There has been sustained international interest from health care policy makers, practitioners, and researchers in developing interprofessional approaches to delivering patient-centred care.
Ann Fox and Scott Reeves offer a critical exploration of a selection of professional discourses related to these practice paradigms, including interprofessional collaboration, patient-centred care, and the combination of the two. They argue that for some groups of patients, inequalities between different health and social care professions and between professionals and patients challenge the successful realization of the positive aims associated with these discourses. Specifically, they argue that interprofessional and professional–patient hierarchies raise a number of key questions about the nature of professions, their relationships with one another as well as their relationship with patients. The authors explore how the focus on interprofessional collaboration and patient-centred care have the potential to reinforce a patient compliance model by shifting responsibility to patients to do the “right thing” and by extending the reach of medical power across other groups of professionals.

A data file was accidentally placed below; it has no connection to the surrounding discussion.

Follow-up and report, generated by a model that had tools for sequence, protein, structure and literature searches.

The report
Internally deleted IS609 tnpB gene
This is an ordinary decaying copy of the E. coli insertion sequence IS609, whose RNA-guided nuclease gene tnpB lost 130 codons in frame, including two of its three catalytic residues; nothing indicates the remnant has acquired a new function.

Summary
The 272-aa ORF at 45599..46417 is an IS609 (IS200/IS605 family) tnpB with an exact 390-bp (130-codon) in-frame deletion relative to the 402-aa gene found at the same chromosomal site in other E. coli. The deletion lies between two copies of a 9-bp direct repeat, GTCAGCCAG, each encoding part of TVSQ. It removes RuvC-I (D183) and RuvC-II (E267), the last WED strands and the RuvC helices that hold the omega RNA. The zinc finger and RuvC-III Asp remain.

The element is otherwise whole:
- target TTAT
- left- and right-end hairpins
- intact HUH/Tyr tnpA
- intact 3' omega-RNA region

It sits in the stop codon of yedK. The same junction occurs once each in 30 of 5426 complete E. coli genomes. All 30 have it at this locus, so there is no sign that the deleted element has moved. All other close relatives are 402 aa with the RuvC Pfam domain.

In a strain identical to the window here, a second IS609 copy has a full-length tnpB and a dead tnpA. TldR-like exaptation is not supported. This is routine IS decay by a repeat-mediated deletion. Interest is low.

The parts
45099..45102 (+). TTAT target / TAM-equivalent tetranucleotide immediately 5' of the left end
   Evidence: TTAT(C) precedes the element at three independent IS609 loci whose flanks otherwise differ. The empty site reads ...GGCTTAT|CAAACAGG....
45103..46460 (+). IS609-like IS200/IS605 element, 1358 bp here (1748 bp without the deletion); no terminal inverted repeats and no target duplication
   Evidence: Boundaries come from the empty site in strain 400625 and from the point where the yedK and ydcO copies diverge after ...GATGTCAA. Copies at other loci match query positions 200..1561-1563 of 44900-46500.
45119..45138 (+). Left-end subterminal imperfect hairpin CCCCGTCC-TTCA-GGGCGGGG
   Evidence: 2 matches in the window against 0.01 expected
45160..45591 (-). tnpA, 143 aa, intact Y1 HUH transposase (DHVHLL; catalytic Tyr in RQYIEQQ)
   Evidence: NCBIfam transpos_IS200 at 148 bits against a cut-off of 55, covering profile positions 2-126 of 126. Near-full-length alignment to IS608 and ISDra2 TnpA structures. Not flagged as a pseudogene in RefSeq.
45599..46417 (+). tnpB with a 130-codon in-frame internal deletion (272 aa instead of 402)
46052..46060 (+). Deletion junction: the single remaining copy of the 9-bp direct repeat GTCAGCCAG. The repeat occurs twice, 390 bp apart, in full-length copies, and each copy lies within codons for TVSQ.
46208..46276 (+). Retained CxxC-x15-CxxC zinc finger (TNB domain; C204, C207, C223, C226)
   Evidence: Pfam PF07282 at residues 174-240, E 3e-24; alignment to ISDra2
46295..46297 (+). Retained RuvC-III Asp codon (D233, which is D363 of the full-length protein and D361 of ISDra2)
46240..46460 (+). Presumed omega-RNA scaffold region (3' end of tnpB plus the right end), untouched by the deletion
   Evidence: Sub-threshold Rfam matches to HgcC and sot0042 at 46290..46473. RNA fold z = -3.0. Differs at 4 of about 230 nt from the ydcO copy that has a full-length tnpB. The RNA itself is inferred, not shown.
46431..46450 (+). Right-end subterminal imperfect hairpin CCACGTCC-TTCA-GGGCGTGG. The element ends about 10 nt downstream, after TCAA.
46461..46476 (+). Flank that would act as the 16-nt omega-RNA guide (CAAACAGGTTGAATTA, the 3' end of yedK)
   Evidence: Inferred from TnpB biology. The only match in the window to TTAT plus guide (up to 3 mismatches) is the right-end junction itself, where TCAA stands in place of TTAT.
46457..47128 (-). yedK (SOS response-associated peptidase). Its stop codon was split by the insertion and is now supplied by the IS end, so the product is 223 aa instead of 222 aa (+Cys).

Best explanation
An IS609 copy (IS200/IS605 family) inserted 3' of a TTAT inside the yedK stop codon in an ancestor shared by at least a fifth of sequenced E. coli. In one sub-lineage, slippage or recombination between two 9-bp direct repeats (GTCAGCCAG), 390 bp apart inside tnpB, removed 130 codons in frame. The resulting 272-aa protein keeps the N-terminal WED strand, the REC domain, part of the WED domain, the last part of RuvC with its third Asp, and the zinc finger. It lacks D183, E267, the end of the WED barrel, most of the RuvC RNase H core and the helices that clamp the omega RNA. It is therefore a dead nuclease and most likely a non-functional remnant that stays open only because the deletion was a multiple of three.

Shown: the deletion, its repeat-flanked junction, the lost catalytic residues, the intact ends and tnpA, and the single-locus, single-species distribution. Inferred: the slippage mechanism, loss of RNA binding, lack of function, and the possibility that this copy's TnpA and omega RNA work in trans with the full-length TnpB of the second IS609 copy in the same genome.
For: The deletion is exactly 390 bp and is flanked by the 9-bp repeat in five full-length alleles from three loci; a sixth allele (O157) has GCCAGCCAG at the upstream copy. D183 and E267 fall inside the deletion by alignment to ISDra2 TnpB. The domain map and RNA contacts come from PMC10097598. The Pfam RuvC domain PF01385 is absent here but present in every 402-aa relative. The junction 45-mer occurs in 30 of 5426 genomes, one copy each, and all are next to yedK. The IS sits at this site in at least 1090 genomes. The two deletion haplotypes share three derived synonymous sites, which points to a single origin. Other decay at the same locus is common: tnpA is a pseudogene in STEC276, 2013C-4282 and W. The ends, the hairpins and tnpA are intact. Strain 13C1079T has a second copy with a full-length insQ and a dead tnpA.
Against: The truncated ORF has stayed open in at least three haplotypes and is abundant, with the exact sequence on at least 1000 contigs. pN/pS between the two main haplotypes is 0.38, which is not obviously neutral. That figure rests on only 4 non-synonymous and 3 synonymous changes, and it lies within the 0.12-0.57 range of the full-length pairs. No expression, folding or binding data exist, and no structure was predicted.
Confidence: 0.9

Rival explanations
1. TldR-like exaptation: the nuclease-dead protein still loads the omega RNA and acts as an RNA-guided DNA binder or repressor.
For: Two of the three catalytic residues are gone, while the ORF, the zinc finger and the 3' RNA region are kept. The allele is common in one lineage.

The broader goal of this exploration was to stimulate debate that leads to enhanced practice opportunities for health professionals and improved care for patients.